White Sox pitching coach Don Cooper said that Webb had thrown two sidelines while he was home in Kentucky and looked good during Friday's session.

"You know what, it sounded like a bowling ball hitting the glove," Cooper said. "He was throwing kind of a heavier ball. He threw well."

Webb will have Saturday off and then get into his first Cactus League game on Sunday against the A's.

"Getting him out there and getting him going is the thing to do. So, that's kind of it," said Cooper. "I personally think throwing him out there [is good] because [it keeps] his mind on baseball. Keeping him engaged, you know? I had a similar situation happen to me. I don't want to get into it, because I don't want to talk about my [stuff].

"The bottom line is, I think from my experience, when I was occupied, when I was on top of the stuff and focusing on the stuff of my job and my work and trying to do well, it occupied my mind. It made me think about the loss less."

Abreu taking consistent attention in stride

Ventura, Danks and Beckham on first baseman Abreu

GOODYEAR, Ariz. -- Jose Abreu agreed to a six-year, $68 million deal with the White Sox in October, and a throng of media came to U.S Cellular Field for his opening news conference.

Abreu arrived at Spring Training, and the story repeated itself. The same pattern followed for his first Cactus League start, his first Cactus League hit and his first home run, which came Thursday in Surprise.

The big first baseman understands the attention and doesn't mind the constant focus during his first camp. He grew accustomed to that sort of interest as a standout player in Cuba.

"I don't like to talk a lot, you know, but I understand that everybody has a job, and I'm all about what I need to do to help them do their job," said Abreu through translator and White Sox manager of cultural development Lino Diaz. "Those are things you don't control.

"They're external, but I think they are beautiful. They're good things for me to do. They're part of this, and I'm always open to them."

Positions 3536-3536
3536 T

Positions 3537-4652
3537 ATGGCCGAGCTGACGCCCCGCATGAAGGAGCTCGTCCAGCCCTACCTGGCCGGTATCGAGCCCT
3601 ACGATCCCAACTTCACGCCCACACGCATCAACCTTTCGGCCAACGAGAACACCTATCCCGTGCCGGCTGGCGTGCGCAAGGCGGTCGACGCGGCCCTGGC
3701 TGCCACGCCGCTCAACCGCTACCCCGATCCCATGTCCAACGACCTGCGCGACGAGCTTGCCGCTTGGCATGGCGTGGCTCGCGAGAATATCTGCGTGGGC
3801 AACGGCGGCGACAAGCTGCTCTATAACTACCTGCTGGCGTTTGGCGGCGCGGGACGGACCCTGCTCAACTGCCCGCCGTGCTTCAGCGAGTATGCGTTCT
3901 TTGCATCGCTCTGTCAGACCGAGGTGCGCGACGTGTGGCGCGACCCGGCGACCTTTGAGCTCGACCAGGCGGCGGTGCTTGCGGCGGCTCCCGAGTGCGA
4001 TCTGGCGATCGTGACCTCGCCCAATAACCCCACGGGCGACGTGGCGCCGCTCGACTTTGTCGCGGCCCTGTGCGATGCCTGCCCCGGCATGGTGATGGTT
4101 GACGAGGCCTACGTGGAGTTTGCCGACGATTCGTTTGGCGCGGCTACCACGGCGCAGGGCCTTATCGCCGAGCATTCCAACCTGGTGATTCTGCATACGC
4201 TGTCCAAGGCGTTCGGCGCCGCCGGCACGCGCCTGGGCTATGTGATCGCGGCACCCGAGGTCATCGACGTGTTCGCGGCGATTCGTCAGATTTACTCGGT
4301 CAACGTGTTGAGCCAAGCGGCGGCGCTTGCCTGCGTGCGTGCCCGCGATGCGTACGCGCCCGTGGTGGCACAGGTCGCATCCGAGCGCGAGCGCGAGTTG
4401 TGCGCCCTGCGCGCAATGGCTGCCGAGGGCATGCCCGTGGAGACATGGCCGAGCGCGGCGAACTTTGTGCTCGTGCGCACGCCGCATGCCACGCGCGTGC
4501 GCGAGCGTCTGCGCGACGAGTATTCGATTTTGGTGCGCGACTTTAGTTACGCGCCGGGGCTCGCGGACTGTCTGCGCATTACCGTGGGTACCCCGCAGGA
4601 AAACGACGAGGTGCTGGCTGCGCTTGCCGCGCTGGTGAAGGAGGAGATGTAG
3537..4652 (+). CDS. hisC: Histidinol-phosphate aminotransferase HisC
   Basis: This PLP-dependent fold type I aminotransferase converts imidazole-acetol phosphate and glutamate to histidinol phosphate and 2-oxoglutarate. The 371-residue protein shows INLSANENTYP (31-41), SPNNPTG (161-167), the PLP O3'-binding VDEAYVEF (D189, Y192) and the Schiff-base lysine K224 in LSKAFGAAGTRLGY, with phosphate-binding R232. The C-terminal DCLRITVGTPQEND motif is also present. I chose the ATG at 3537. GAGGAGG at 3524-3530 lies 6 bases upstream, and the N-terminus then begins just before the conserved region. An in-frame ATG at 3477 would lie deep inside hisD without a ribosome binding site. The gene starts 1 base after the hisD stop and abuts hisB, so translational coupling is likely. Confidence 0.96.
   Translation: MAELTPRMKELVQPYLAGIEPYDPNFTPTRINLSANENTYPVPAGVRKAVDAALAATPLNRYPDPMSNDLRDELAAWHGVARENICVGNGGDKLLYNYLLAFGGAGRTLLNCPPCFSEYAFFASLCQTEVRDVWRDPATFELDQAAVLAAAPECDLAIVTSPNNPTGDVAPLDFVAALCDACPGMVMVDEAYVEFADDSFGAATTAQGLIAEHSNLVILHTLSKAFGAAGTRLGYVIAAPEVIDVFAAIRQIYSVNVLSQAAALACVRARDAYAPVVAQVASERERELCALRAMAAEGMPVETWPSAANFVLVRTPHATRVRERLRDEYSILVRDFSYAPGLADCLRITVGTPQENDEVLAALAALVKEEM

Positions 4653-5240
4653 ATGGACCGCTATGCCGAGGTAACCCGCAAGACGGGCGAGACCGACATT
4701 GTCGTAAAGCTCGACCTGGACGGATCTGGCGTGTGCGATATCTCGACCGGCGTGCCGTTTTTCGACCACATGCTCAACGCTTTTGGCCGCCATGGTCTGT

Abreu's blast to right Thursday came on a first-pitch fastball from Kansas City's Brad Penny. But he certainly doesn't label himself as a home run hitter.

"I'm a guy who does the normal work every day, and I try to do the little things to help the team and do my best every day," said Abreu, who got his home run ball back. "I'm not looking for home runs, but when they come out, they're well taken."

Third to first

Nate Jones will test his strained left glute against the D-backs on Saturday. Scott Downs also is scheduled to work in relief, marking the first Cactus League appearance for both. The veteran Downs doesn't need as many appearances to get ready, says Ventura.

Tyler Flowers' throw on a Brayan Pena stolen-base attempt in the fourth inning Friday sailed into center field when neither Alexei Ramirez nor Gordon Beckham covered second. Ventura called the mishap a miscommunication, but an unacceptable one.

"That can't happen," Ventura said. "So it was handled. Somebody has to be there."

Adam Eaton has reached base in six straight plate appearances, including getting hit by an Aroldis Chapman pitch on the right shoulder Friday. It was his left elbow sporting an ice pack after the game, but Eaton said it was a precautionary measure.

Ronald Belisario, who has been absent from camp due to a visa issue in Venezuela, reportedly is on his way to Arizona and could arrive by Saturday. According to Cooper, Belisario will throw a bullpen session as soon as he gets settled.